Sadly there is a philosophical gulf between these two opposing views that is almost unbridgeable. The position taken by any individual on the issue, as on the closely related and underlying issue of abortion, will depend on whether or not that person believes the premise that a cluster of 16 cells can be considered a human being, and treated as such under both national and international law.

Indeed, given the scope for legitimate disagreement, it is not surprising that the issue has become so controversial. But it is also one that, since the technical possibilities became known with the birth of Dolly the sheep, and aided by high-profile coverage in the media, has been receiving a significant public and political airing in developed and developing countries alike.

As a result, many individual countries have taken — or are in the process of taking — their own decision, based, in most cases, on the standard democratic way, namely the considered feelings of the majority of their population as reflected in parliamentary debate (see, for example, Brazilian Senate approves biosafety law). Interestingly, some of the newly-industrialising countries appear more pragmatic than developed ones; China, Singapore and Panama, for example, are among those that have signalled their willingness to allow therapeutic cloning to be conducted.

A case for UN intervention?

Other countries, however, particularly those in the developing world in which the Catholic Church has a strong influence, or those with deeply embedded philosophical commitments, have chosen a different route. Among the latter is Germany, a key proponent of an international ban, where the steadfast opposition to all forms of human cloning has strong and understandable roots in the outrages perpetrated by the Nazis in the name of medical science.

In some cases, however, the opposition to stem cell research appears to have been more nakedly ideological. This is the situation in the United States, where such opposition has become a rallying cry for those that seek to roll back a wide raft of reforms aimed at creating a more tolerant society.

If the issue were to remain a purely domestic one, the rest of the world might not worry (indeed many countries are already benefiting from an influx of highly-qualified researchers keen to carry out such research, but unable to do so in US laboratories). Sadly, however, the United States has decided to turn the issue into something of an international moral crusade, making the drafting of a global treaty outlawing stem cell research as one of its five top priorities for action at the United Nations in 2004.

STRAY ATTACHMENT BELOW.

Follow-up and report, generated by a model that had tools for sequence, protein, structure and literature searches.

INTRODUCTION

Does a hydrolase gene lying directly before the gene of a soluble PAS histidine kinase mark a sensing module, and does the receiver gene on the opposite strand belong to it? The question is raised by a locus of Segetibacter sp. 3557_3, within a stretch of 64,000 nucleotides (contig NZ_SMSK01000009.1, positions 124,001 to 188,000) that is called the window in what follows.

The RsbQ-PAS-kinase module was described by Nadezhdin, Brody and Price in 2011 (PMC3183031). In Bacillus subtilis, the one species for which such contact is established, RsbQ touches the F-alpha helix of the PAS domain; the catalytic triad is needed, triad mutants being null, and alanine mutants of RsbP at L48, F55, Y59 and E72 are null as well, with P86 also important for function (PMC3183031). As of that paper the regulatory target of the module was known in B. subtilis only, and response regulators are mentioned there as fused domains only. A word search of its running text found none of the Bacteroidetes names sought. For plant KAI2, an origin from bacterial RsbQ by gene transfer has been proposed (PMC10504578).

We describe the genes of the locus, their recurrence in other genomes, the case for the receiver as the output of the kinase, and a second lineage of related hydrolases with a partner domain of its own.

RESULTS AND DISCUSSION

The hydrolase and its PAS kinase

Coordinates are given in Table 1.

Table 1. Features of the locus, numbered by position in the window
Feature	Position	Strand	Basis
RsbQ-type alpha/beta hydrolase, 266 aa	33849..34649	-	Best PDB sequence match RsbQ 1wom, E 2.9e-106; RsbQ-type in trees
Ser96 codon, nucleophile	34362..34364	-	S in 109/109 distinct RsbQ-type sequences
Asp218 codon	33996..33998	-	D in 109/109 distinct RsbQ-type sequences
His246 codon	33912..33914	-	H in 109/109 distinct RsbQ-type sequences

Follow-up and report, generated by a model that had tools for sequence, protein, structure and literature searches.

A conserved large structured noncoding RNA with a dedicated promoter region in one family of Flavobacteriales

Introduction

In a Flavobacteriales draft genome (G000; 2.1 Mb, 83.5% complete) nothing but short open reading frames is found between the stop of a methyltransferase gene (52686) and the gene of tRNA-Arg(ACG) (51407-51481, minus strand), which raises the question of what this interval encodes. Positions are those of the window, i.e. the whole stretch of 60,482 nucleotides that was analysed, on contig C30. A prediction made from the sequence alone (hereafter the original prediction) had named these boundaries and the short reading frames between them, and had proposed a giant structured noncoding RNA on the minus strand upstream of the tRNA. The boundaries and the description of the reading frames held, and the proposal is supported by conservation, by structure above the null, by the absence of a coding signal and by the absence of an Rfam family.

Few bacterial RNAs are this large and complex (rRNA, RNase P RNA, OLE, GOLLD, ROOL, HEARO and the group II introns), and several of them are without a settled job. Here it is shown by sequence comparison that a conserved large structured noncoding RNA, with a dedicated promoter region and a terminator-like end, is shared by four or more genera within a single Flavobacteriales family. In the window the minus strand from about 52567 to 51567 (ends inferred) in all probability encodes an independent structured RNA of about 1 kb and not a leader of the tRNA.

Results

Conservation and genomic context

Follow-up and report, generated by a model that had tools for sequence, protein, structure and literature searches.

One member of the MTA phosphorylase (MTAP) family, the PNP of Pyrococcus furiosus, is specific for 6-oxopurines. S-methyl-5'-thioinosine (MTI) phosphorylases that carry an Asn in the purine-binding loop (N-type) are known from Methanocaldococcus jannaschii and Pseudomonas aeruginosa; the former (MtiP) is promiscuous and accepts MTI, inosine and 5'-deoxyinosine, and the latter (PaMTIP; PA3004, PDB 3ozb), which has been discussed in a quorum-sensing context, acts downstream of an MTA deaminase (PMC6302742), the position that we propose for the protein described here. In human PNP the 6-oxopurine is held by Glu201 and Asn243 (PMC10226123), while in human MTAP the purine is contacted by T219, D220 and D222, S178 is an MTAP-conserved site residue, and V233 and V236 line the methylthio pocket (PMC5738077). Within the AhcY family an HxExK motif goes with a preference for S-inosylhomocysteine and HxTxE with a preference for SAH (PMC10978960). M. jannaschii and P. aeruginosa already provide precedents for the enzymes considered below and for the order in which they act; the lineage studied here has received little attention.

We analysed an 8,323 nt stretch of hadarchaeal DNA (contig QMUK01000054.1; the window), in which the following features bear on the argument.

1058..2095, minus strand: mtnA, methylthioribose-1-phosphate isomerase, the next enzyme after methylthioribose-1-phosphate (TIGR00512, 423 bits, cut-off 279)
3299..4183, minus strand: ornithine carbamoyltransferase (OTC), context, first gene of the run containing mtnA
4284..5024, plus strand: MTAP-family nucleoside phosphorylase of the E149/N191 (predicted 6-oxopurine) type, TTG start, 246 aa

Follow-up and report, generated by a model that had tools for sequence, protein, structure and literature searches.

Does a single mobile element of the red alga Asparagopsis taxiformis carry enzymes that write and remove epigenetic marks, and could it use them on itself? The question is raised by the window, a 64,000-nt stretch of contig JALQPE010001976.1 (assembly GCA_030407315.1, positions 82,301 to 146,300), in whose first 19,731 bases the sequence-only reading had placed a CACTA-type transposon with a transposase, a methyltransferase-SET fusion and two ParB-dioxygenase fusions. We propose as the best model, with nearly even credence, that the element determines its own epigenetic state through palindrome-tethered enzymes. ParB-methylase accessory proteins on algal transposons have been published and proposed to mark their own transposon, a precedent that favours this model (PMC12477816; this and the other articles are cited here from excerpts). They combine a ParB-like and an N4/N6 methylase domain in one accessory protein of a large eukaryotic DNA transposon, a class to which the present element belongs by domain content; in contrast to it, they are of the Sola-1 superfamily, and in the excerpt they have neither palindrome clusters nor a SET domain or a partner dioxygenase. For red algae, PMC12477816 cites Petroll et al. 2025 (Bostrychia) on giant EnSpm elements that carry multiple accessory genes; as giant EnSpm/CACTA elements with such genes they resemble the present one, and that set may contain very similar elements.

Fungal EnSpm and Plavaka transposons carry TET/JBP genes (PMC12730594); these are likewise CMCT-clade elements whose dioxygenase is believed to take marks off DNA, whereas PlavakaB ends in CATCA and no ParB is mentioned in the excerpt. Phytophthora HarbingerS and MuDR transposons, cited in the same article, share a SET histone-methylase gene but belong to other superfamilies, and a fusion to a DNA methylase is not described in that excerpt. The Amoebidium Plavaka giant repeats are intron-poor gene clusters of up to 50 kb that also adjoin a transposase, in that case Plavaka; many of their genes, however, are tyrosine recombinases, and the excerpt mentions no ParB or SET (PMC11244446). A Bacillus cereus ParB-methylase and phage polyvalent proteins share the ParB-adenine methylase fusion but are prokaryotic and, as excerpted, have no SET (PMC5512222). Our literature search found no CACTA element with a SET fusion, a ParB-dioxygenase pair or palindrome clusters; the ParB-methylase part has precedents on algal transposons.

The irony of this move, coming from a country which has been so critical of the UN in other circumstances, and so opposed to an international treaty limited global warming, is almost transparent. Unsurprisingly, there has been widespread criticism from the scientific community of the prospects that a promising line of research should be banned for what many see as primarily ideological reasons.

Equally unsurprising is the support for such research that has come from a range of patient groups, whose members — or at least those that come after them — would be among the first to benefit from the successful outcome of such research. Last week, for example, this support was expressed in an open letter presented to UN secretary-general Kofi Annan by the Coalition for the Advancement of Medical Research on behalf of 125 domestic and international patients groups, scientific societies and academic institutions.

Given the closeness of the anticipated vote on this issue, however, the important fact will not be which side wins. It will be to ensure that open-mindedness and pragmatism, provided it comes with its own appropriate form of ethical commitment, prevails over an ideological fervour that ends up as both anti-science and authoritarian. Any international treaty that does not embrace the former values will not only devalue itself, but the whole UN system (if only because about half of the world will probably choose to ignore it). And that is an outcome that no one wants.